Six Signs Your Management Style is Toxic
Keith E. Ayers
It doesn’t matter if someone is managing a nation or a four-person professional service firm; leading like a dictator leads straight to the gutter.
Dating as far back as anyone can remember, history has provided us with countless examples of dictators being overturned by “the people.” Most recently, we’ve watched the upheaval in the Middle East, spurred on by the not-so-early exit of Egypt’s former leader Hosni Mubarak. After thirty years of rule and pocket full of cash about a third as big as Egypt’s entire GDP, there were riots in the street and the dethroning of a ruler. While this is an extreme example, on a large scale, with tons of publicity, it doesn’t mean that the lessons seen here don’t apply to business management.
Take for example Jack Griffin, the former Chief Executive of Time Inc. The NY Times reported that employees described his leadership style as “brusque” and that he created an unworkable office culture for the Time Inc. team. He implemented “swift and sweeping” changes without communicating his purpose well and undermined his team’s confidence in their abilities. Although it would be a stretch to classify Griffin and Mubarak in the same category, it is reasonable to assume that Griffin was an inflexible leader. Consequently, in February, Griffin was forced out of Time Inc. after less than six months in office.
These examples are more common in business than most people think. In fact, from 2000 to 2006, one in four CEO tenures ended in forced dismissal, a rate of almost four percent annually according to Fortune magazine. While not all of these dismissals resulted from the boss being overly inflexible or too demanding, the fact remains that these dismissals do happen, and they happen when employees and coworkers are unhappy. And make no mistake; leading like a dictator is one of the fastest ways to foster workplace discontent.
The good news is that managers no longer need to wait until they get a pink slip to find out that they’ve been leading like dictators. Instead, they can just review the list below of the “Six Signs You’re a Dictator.” If three or more signs apply, then it’s time for some serious changes in leadership style.
Six Signs You’re a Dictator
- The Company Revolves Around You — Employees are able to describe you in one word: self-centered. Without your brilliant guidance, they all would be lost. Your inferiors are merely there to carry out orders that further your personal objectives. When success comes your way, you gladly take all of the credit and reward yourself with a little extra cash in your pocket, just like Mubarak did.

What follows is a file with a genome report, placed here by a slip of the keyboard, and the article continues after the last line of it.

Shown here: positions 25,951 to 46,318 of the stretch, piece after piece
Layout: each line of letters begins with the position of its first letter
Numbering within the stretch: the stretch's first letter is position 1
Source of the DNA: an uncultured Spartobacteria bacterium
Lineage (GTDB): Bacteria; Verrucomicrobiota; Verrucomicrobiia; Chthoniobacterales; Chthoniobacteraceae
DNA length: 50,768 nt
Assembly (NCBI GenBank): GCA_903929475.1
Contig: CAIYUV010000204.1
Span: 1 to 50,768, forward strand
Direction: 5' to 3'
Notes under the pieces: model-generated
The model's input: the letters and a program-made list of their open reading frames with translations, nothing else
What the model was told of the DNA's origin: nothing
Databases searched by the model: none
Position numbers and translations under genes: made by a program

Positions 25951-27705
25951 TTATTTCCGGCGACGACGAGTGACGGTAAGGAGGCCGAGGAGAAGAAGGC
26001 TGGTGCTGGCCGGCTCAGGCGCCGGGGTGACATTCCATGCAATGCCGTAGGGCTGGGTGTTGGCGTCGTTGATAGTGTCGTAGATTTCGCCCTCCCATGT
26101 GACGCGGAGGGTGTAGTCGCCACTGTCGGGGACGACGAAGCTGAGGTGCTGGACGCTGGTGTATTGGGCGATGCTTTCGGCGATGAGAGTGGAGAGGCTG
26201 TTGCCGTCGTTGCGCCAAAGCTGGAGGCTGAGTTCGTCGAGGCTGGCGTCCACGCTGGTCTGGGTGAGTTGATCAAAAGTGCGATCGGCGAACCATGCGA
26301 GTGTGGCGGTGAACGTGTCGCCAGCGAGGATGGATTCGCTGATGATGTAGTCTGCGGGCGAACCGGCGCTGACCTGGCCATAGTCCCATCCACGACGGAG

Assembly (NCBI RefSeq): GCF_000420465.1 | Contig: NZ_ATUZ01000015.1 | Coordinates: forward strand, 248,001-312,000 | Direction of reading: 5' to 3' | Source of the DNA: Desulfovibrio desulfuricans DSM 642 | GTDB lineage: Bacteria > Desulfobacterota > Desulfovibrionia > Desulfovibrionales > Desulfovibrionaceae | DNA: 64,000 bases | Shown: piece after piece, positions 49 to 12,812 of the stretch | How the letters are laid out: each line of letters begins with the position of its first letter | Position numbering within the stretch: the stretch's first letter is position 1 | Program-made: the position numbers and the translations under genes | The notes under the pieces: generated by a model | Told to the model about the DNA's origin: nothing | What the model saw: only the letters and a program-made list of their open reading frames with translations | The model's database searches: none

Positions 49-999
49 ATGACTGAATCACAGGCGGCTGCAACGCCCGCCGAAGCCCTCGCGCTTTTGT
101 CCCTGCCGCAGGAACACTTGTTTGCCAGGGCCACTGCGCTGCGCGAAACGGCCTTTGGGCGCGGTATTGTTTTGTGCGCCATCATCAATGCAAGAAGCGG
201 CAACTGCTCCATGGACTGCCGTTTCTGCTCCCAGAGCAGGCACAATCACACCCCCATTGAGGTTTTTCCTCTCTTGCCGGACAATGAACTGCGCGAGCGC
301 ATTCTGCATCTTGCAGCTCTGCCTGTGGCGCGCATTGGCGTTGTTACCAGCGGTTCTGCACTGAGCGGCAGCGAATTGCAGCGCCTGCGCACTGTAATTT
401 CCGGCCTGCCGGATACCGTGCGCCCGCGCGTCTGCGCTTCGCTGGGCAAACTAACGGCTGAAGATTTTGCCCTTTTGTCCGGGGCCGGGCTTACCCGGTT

- You Obsessively Control Employees — You enjoy wasting time by micromanaging every employee task; you make people work precisely when, where, and how you want them to. You think of your office as an elementary school classroom where you need to monitor every movement, action, and breathe your students make.
- You “Inspire” with Fear —You like people to know that any mistake can be punishable by unemployment. You think the best way to motivate people is to make them feel like their job is something they must do to survive rather than something they want to do. All the emails you send out are typed in ALL CAPS and flagged as urgent to maximize employee panic.
- Priorities Start and End with Work — There is no room for excuses like “my kid is in the hospital” or “I’m not feeling well” when there’s work to do. To you, having a “work/life balance” and “personal time” don’t exist. You feel entitled to employees weekend time just as much as their work time and expect them to cater to your needs 24/7.
- Respect Doesn’t Matter—Your ideal image of a leader-follower relationship is to give as little as possible and get a lot back. Whenever you’re stressed or an employee has done something wrong, you don’t hesitate to “chew-out” a person in classic Jack Griffin style. After all, why waste the chance to make an example of one person and motivate the others to do their job right?
- You are Never Wrong — Why would you ever admit to being wrong when you have a line of scapegoats outside your office just waiting to take the blame? You’re the leader of the company, your image is its most important asset, and being wrong is not an option. You take credit for all the company successes and pass off failures on to your employees.
By running a business like a dictator, leaders create toxic jobs, stressful workplace environments and begin to carve out a legacy that even suppliers are ashamed to be involved with. However, by recognizing and actively addressing leadership deficiencies before disaster happens, employees are usually receptive to leaders who make a genuine change.
Trust and respect are the most essential ingredients to develop healthy leader-follower relationships. An effective boss needs to value positive social relationships in the office and nurture his or her employees to become self-directed individuals who will produce their best work, not because their boss threatens them, but because they want to. Employees need to be treated with respect, shown appreciation, and given recognition from their leaders to maintain engagement in their work. Just remember, idle threats and paychecks may be enough to get one task done, but in the long run they don’t come close to motivating employees the same way trust and respect do.
About the Author
Keith E. Ayers is President of Integro Leadership Institute, a global business, management, and leadership consultancy firm with offices in Australia and associates located around the world. He is the author of Engagement is Not Enough (Elevate 2008) which show leaders how to create an organization of passionate workers in pursuit of a common purpose. For more information visit www.integroleadership.com.